The Transformative Power of a Jersey

On “Space Jam,” Childhood Idols, and the Things We Wore Because of Them

Ben Kassoy
Jan 19, 2017 · 5 min read

A viral video from December shows an adorable young fan going bonkers after opening his Christmas present, a jersey of New York Giants wide receiver Odell Beckham Jr.

As a kid, I, too, coveted the jersey of a wide receiver — that was David Boston, after his heroics propelled Ohio State to victory in the 1997 Rose Bowl. I also loved the Roberto Baggio AC Milan uni my aunt and uncle bought me. And then there was my most prized jersey of all, the black pinstripe jersey of Michael Jordan, my favorite player and childhood idol.

Sometimes a kid’s favorite athlete is simply the best player on his or her hometown team. Other times, the process of choosing a favorite athlete is more personal, even subconscious. We admire certain players because they represent who we are or who we’d like to be; our favorite players are optimized, actualized versions of ourselves.

While a Superman fan may fantasize about the powers of flight and X-ray vision, a Steph Curry fan dreams of otherworldly dexterity and precision. When someone dons a LeBron jersey, they imagine themselves with the leadership and strength of legend. Wearing my Michael Jordan jersey, I felt a little boost of swagger and tenacity, like I could score 38 points in the NBA Finals while sick with the flu as MJ once did. When I wore his jersey, I felt like I’d taken some of Jordan’s peerless abilities as my own.

Space Jam (1996) brings this phenomenon to the screen, when tiny aliens penetrate the bodies of NBA players and literally steal their skills in order to — buckle up — defeat Jordan and a team of Looney Toons (aka the Tune Squad) in a basketball game, for the purpose of — wait for it — winning eternal ownership of Jordan and advertising him as the main attraction at the aliens’ outer-space amusement park. Weirdest pitch meeting in film history.

Despite — or because of? — its wildly outrageous premise, Space Jam has solidified itself as both a timeless hit in popular consciousness and as a 90s nostalgia cult classic. The film is 21 years old, and yet, recent examples of its unwavering relevance abound. For example:

1. A live table reading of the screenplay, featuring a roster of NBA players and celebrities.

2. A mockumentary about the Tune Squad’s game vs. the aliens’ squad, The Monstars.

3. The increasingly surer promise of a Space Jam 2, starring LeBron James.

4. A guy I literally saw today on the street, who was wearing a matching Space Jam hat and T-shirt.

Whether it’s 1996 or 2017, a Tune Squad jersey is the most enviable swag on the market. It doesn’t matter whether you like sports, movies, the Looney Toons, Michael Jordan, the Bulls, or whatever; for any Space Jam fan, the Tune Squad jersey transcends age, race, gender, geography, and sports allegiances. It is at once nostalgic and relevant, ironic and earnest, obscure and recognizable, exclusive and accessible. It is universally likable, timeless, and cool; the same way the movie’s legend grows with time, so does the jersey’s.

My friend Bryce as MJ, and his brothers, respectively as Bugs Bunny and the Monstar who stole Muggsy Bogues’s talent. (I think.)

The only thing sweeter than rocking the MJ 23 Tune Squad jersey, is the move my friend Mike pulled two Halloweens ago. Taking the reference a step further, he threw on a backwards hat and a red tee and went as Bill Murray, whose cameos (as himself) light up the film and whose late-game assist — spoiler alert! — propels the decimated Tune Squad to an impossible victory.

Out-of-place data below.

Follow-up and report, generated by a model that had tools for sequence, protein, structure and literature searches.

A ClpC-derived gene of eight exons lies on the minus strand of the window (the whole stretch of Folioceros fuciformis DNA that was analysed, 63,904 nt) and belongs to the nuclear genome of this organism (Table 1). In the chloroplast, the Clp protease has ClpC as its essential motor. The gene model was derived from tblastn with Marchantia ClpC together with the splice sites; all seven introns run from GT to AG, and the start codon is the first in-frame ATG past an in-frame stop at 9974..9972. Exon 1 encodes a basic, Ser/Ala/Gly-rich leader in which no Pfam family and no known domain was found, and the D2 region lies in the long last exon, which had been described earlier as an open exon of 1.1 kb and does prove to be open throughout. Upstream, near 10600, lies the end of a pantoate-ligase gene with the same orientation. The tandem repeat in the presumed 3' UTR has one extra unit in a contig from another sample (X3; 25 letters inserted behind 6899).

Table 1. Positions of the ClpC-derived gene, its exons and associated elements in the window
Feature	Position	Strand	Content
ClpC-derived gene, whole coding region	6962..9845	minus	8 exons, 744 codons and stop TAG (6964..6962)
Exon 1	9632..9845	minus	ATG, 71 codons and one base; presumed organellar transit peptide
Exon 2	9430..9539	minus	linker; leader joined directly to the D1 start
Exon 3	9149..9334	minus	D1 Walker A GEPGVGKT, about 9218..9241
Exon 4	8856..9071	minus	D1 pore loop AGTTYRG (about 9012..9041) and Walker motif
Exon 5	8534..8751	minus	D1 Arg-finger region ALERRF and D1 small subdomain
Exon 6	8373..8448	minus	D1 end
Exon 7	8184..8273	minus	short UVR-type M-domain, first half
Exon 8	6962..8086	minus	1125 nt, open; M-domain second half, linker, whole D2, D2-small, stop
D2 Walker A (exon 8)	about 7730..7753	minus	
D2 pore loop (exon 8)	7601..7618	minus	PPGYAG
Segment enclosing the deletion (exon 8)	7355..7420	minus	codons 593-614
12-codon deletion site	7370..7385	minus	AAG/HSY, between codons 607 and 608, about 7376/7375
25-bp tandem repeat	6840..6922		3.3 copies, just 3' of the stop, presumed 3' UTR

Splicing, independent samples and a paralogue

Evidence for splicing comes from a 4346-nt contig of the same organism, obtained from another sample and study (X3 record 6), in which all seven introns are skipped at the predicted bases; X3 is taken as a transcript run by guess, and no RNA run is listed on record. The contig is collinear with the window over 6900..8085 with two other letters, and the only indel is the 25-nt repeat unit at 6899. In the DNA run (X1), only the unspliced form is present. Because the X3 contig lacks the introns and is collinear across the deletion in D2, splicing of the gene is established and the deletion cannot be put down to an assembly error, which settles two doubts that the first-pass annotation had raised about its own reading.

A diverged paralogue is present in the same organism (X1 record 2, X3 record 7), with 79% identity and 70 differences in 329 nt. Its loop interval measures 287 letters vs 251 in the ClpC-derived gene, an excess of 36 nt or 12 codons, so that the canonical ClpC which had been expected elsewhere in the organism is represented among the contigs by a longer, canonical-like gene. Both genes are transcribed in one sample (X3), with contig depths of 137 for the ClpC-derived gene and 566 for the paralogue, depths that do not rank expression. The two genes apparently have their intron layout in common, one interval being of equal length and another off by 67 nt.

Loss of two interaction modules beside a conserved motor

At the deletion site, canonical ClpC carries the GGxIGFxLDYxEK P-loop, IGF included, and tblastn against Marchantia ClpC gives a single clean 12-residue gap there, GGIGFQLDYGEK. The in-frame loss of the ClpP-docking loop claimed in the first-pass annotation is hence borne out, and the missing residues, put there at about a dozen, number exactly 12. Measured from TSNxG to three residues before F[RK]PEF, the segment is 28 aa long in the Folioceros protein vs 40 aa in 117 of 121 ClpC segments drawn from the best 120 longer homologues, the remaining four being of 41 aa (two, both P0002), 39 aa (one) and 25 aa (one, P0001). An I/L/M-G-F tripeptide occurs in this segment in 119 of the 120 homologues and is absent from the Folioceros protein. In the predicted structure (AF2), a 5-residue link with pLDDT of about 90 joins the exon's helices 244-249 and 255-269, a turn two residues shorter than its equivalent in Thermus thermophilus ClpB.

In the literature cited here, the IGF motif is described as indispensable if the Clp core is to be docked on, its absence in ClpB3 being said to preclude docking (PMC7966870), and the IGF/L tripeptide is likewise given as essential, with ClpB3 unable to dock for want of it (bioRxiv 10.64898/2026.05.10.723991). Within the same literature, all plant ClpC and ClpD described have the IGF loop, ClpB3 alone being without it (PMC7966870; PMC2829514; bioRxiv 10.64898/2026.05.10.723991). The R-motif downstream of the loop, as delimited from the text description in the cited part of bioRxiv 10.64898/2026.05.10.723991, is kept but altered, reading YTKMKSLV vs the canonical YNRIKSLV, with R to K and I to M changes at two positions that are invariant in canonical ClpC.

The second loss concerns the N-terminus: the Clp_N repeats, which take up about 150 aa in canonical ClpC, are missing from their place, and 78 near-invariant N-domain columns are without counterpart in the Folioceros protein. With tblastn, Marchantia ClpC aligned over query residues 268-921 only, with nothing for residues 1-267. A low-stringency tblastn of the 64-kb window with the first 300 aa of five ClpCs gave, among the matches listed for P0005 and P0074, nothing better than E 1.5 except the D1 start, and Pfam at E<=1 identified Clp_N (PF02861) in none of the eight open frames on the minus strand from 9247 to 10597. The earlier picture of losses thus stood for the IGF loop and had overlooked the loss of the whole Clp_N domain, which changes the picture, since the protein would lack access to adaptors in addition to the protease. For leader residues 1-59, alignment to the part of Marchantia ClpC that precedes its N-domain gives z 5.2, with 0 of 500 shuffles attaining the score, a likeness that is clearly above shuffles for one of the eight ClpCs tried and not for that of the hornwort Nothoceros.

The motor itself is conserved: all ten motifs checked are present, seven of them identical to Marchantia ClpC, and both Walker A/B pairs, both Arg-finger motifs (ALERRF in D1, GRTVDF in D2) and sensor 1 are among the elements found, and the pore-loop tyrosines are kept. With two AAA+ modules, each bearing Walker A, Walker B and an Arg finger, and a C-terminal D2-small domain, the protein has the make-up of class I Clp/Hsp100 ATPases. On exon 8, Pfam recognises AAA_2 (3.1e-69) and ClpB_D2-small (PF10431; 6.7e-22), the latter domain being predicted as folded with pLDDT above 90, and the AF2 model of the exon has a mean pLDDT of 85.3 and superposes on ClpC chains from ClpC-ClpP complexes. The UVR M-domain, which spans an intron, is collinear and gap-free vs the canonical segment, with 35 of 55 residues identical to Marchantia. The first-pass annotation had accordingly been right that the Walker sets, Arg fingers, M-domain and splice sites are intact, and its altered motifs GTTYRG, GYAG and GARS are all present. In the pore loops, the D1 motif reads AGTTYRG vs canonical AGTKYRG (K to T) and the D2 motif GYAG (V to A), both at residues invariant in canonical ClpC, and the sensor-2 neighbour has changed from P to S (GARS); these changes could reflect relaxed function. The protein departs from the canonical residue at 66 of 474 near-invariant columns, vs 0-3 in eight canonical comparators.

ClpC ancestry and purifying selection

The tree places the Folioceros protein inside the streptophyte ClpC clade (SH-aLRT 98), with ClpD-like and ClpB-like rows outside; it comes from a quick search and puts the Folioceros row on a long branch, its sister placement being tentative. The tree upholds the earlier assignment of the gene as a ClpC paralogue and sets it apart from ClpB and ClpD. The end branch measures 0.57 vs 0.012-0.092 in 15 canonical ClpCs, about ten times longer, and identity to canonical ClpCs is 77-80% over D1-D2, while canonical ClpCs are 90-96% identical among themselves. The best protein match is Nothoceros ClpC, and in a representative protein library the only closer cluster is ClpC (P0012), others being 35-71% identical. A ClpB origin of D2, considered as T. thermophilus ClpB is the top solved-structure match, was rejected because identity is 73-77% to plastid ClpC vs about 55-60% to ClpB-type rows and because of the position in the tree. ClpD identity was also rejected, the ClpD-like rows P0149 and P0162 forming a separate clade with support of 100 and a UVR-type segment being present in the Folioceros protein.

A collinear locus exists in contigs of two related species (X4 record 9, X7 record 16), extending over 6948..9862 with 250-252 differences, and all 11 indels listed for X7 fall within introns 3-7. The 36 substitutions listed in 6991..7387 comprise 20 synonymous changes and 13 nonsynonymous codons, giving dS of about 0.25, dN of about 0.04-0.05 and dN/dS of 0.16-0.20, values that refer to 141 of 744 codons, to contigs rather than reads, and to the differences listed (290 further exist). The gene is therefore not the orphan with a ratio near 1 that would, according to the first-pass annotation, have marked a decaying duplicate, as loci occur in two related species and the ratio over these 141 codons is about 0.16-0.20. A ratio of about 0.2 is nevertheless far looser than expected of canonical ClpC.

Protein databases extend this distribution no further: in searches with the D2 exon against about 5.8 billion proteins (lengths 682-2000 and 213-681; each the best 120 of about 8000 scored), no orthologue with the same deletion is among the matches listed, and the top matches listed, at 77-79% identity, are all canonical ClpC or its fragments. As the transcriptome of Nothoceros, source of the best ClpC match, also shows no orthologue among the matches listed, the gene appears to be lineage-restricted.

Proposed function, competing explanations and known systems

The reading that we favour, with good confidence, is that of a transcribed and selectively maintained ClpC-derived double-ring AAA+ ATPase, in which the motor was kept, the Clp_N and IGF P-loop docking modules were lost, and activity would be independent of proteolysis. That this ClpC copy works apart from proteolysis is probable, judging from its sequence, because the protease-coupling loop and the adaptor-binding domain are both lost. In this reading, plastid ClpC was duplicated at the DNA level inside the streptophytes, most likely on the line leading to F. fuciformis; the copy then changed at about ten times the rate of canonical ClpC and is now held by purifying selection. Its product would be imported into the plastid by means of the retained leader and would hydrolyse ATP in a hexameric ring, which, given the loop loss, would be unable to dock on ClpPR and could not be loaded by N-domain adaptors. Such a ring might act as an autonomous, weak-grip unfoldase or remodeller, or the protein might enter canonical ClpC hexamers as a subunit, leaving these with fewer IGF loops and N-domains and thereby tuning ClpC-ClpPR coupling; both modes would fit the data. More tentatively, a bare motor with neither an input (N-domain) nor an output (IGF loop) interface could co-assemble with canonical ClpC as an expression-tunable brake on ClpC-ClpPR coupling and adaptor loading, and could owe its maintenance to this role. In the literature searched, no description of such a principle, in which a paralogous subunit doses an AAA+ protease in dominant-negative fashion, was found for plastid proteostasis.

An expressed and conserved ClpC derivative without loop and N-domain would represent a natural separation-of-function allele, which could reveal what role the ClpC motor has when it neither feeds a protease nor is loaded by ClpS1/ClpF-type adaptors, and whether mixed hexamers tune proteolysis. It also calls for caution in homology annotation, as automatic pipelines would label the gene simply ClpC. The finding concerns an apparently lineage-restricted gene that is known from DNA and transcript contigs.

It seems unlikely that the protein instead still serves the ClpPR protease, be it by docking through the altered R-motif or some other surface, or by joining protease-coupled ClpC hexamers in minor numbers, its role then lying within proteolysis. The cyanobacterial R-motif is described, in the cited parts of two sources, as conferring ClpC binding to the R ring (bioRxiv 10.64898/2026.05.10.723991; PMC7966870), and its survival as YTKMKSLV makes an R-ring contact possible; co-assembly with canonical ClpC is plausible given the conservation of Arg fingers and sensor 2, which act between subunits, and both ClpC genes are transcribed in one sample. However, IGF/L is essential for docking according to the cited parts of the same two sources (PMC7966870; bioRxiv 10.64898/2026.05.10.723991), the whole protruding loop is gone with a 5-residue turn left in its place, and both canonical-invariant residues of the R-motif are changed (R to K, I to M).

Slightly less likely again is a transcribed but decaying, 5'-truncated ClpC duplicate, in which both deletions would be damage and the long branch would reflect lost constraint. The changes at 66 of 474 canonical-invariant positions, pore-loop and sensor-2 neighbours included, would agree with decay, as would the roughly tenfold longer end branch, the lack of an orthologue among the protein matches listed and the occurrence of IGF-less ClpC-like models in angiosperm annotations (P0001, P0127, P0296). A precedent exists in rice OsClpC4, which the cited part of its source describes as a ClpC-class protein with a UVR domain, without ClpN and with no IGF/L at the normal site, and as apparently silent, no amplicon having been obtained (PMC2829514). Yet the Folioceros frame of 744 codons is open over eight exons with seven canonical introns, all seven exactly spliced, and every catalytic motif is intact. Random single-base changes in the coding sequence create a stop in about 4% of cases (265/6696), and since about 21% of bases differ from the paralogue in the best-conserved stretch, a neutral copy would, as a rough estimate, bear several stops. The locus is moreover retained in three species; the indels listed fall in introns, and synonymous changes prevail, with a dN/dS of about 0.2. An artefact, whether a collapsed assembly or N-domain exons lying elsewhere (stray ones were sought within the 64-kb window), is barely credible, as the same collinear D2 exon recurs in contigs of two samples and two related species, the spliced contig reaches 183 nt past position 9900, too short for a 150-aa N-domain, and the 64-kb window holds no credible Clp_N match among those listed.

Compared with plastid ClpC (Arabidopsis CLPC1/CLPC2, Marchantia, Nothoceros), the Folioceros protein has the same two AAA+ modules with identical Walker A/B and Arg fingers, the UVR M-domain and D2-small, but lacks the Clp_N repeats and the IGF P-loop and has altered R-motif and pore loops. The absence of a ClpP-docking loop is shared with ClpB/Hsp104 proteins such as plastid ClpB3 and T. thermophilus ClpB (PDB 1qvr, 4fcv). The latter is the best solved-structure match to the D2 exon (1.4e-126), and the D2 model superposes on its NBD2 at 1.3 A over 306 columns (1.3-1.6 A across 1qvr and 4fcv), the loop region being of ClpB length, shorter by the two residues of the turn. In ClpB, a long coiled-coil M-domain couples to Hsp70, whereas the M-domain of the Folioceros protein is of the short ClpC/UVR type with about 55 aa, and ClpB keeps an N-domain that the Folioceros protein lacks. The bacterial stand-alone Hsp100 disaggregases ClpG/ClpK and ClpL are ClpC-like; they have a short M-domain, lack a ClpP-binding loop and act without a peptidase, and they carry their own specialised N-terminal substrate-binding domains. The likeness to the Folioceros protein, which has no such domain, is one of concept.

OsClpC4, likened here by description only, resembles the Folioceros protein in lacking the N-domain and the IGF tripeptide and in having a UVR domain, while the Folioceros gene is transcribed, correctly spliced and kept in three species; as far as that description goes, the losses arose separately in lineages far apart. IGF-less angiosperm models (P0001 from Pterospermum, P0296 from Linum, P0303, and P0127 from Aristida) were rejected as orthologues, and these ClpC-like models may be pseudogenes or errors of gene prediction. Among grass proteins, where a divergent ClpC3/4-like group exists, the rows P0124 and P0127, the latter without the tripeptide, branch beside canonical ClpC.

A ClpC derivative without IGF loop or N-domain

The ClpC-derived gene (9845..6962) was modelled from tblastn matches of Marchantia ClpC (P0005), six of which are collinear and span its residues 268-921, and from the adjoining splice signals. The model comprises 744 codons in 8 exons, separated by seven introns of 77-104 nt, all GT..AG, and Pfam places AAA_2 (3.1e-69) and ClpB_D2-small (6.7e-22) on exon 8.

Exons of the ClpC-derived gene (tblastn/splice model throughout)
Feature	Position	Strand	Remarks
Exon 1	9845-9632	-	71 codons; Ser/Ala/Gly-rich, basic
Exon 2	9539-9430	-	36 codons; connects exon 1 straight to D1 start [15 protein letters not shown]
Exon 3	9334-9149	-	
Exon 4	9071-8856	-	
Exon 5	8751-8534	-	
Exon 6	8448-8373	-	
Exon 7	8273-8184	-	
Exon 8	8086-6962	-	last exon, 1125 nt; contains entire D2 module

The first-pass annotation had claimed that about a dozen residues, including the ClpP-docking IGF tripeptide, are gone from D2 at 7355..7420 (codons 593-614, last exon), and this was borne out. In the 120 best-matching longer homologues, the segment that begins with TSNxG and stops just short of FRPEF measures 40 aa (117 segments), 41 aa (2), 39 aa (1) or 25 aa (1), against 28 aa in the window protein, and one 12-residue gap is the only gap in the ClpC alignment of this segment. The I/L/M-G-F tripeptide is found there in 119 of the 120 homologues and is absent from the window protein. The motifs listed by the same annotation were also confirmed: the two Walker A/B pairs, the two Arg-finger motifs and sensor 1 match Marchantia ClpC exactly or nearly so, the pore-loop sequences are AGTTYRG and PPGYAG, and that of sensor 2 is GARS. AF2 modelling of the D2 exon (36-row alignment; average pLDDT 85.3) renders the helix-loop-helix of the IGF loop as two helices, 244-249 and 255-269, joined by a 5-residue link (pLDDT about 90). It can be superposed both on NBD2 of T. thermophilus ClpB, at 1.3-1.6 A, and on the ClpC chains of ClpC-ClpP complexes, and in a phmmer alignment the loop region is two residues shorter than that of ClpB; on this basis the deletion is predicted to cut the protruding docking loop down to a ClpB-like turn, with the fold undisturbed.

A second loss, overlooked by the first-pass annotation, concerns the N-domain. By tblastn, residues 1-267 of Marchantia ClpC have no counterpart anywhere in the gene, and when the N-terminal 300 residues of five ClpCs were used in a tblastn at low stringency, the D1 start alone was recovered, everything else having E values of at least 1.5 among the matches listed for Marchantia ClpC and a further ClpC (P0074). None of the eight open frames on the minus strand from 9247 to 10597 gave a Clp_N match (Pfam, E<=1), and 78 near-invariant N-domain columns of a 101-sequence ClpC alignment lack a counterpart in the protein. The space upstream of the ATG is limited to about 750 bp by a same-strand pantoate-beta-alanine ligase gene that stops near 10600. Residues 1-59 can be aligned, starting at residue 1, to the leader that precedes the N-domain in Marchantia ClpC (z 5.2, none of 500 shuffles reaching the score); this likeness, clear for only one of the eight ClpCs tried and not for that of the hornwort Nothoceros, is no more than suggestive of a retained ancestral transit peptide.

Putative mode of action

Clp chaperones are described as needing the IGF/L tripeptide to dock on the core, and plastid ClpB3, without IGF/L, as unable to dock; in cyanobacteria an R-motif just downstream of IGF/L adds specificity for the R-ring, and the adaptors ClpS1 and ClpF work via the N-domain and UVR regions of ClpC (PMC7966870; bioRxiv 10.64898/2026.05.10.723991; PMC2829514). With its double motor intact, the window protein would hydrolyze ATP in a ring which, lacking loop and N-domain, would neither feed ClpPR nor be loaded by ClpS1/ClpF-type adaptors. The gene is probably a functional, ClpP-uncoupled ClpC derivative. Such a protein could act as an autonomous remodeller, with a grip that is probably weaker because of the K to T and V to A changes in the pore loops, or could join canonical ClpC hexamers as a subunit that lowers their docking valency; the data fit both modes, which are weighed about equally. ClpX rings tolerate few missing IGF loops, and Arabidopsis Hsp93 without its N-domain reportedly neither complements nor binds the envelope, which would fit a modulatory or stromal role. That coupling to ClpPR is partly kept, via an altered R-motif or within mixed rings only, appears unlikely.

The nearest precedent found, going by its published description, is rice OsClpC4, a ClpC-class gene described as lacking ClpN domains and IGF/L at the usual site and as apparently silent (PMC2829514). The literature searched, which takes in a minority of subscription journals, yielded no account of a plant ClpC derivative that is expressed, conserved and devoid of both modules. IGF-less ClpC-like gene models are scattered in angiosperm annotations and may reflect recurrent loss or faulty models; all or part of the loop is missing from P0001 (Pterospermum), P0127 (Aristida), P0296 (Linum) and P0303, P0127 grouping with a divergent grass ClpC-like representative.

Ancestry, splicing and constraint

Shortly after, Bill Murray tells MJ: “I don’t play defense.”

From left to right: The writer as grapes, Mike as Bill Murray, and our friend Naomi as Cheryl Strayed from “Wild,” or so she claims.

In Space Jam, fantasy universes collide.

In Toontown, where the Looney Toons live, even humans can be sucked down through a hole on a golf course and stretch their body the entire length of the floor for the game-winning basket. In Movie World, the place behind the big screen where Hollywood makes magic, Bill Murray can randomly show up wherever.

I first saw the film as an eight-year-old, comfortably nestled in Kid World — a place I frequently mention, credit to the writer Bill Bryson — which is reality through the eyes of children. Kid World is governed by imagination, adventure, and wonder; everything there is a caricature: bigger, better, sexier, scarier. In Space Jam, at the intersection of Cartoon World and Movie World and Kid World, the fantastic is commonplace.

Adding another dimension to the equation: When we’re young, pro athletes exist in something I’ll call Sports World, a place inside our TV screens or on professional courts, a place visible to those living in the mortal world, but protected from it by a force field. Sports World is ruled by athletes like MJ — half mortal, half legend — who do incredible, otherworldly things.

What jerseys did you rock as a kid, and which do you rock now? How did you select which jerseys to wear and what significance do they hold to you?

Do different kinds of clothes have a transformative effect in other areas of your life? How so?

Who were your favorite players growing up, and who are they now? How have your feelings toward or your relationship with those players changed over the years?

If you feel compelled, go ahead and click the green “recommend” heart and/or join the conversation by writing a response below. Either way, thank you!

This is the fourth installment in the Make Believe Boys series, which explores humor, wonder, and nostalgia at the intersection of movies, sports, and personal history. For more Make Believe Boys, read about childhood fantasies, the making of legends, and amazing/terrible movies.

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